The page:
Recently, a massive #recall of 36 Million pounds of #Turkey, which was followed by a 36,000 pound #recall of beef, drew attention to the fact that acting quickly in #recalling a product can save lives and limit the scope of damage done by contaminated product.
Reports relating to the #recalls of #Cargill’s ground turkey have revealed the fact that concerns were first raised about #Salmonella as early as March 2011. By the time the turkey was openly #recalled it was reported that the strain of #salmonella, #Heidelberg #Salmonella, was resistant to first line defenses and antibiotics. Several deaths have been linked to this recall with nearly 100 falling ill during close to half of 2011.
In contrast, a recent recall of ground beef, predominantly in the Southeastern US, involved 36, 000 pounds and #e-coli. That recall was announced on a Friday and was slowly picked up by news media outlets over the weekend. In my opinion, it was underreported regardless of scope given it came on the heels of the deadly turkey recall that proved to be a pandemic even in the US. Some remain unaware of either recall even today.
Both recalls have drawn attention to the need for improved reporting and monitoring. Another growing concern, as outlined in the NPR Blog story (pictured above) focuses on the fact that antibiotics are used to feed poultry and may contribute to antibiotic resistant strains of food borne illness. Wonder if we will see more ‘Super’ versions of food born Salmonella or E-Coli? It is certainly possible if the lessons of August 2011 are left unchecked. How governmental regulatory authorities will modify, if at all,  existing regulatory monitoring remains unclear. However, this summer demonstrates that a potential need does exist and the ongoing debate is justified because lives are at stake.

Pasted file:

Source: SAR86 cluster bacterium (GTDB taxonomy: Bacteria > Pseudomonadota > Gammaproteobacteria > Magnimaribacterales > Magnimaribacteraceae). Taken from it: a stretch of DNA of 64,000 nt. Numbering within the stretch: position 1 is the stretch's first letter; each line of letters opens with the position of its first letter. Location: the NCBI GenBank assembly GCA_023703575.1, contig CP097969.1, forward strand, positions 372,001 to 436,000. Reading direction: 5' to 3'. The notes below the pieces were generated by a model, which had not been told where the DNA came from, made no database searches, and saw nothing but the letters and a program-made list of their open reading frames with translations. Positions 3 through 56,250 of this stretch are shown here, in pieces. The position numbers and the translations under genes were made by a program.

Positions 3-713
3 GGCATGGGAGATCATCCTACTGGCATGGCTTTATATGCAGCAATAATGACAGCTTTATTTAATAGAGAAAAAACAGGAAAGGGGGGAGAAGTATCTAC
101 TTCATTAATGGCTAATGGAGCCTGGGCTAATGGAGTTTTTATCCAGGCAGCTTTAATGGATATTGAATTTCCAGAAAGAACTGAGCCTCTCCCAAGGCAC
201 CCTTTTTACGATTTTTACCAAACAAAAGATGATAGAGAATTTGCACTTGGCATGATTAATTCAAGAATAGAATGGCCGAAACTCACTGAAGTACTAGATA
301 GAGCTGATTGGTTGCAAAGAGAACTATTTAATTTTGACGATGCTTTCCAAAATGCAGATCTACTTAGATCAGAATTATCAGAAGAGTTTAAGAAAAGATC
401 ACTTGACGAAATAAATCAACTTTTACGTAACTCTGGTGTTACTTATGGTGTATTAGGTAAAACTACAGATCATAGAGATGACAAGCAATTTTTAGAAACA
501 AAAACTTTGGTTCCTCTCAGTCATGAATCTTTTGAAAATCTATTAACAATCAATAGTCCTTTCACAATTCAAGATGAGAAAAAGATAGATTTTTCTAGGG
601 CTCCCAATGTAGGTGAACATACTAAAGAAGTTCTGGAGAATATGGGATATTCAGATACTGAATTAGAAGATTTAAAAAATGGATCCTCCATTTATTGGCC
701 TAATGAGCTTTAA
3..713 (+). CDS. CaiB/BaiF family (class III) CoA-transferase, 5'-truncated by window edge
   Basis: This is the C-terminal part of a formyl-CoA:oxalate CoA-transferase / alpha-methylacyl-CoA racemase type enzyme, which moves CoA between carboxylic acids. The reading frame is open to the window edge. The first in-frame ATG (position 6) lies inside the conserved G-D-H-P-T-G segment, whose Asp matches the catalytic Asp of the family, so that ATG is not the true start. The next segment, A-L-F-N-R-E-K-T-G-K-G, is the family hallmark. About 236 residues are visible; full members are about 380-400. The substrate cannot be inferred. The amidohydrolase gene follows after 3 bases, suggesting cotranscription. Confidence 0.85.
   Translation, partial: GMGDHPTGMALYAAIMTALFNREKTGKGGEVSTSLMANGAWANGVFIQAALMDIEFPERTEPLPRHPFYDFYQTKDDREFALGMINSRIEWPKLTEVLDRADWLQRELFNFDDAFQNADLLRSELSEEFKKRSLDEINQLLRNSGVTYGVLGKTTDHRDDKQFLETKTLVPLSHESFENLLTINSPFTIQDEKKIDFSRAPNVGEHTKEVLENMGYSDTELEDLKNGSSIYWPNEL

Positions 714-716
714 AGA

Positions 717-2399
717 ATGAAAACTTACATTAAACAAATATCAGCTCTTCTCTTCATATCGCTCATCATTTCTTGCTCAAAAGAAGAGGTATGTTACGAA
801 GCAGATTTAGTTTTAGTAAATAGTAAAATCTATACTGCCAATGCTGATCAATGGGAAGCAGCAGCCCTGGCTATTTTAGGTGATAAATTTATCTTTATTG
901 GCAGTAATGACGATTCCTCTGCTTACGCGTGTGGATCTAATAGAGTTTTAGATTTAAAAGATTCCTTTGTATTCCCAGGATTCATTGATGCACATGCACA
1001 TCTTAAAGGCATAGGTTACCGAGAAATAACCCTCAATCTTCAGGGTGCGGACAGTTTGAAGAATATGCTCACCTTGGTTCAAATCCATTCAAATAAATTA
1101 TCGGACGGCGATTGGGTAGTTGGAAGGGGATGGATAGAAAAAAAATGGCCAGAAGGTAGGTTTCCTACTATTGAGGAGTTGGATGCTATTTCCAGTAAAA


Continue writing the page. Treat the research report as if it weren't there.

Recently, a massive #recall of 36 Million pounds of #Turkey, which was followed by a 36,000 pound #recall of beef, drew attention to the fact that acting quickly in #recalling a product can save lives and limit the scope of damage done by contaminated product.

Reports relating to the #recalls of #Cargill’s ground turkey have revealed the fact that concerns were first raised about #Salmonella as early as March 2011. By the time the turkey was openly #recalled it was reported that the strain of #salmonella, #Heidelberg #Salmonella, was resistant to first line defenses and antibiotics. Several deaths have been linked to this recall with nearly 100 falling ill during close to half of 2011.

In contrast, a recent recall of ground beef, predominantly in the Southeastern US, involved 36, 000 pounds and #e-coli. That recall was announced on a Friday and was slowly picked up by news media outlets over the weekend. In my opinion, it was underreported regardless of scope given it came on the heels of the deadly turkey recall that proved to be a pandemic even in the US. Some remain unaware of either recall even today.

Both recalls have drawn attention to the need for improved reporting and monitoring. Another growing concern, as outlined in the NPR Blog story¬†(pictured above)¬†focuses on the fact that antibiotics are used to feed poultry and may contribute to antibiotic resistant strains of food borne illness. Wonder if we will see more ‘Super’ versions of food born Salmonella or E-Coli? It is certainly possible if the lessons of August 2011 are left unchecked. How governmental regulatory authorities will modify, if at all, ¬†existing regulatory monitoring remains unclear. However, this summer demonstrates that a potential need does exist and the ongoing debate is justified because lives are at stake.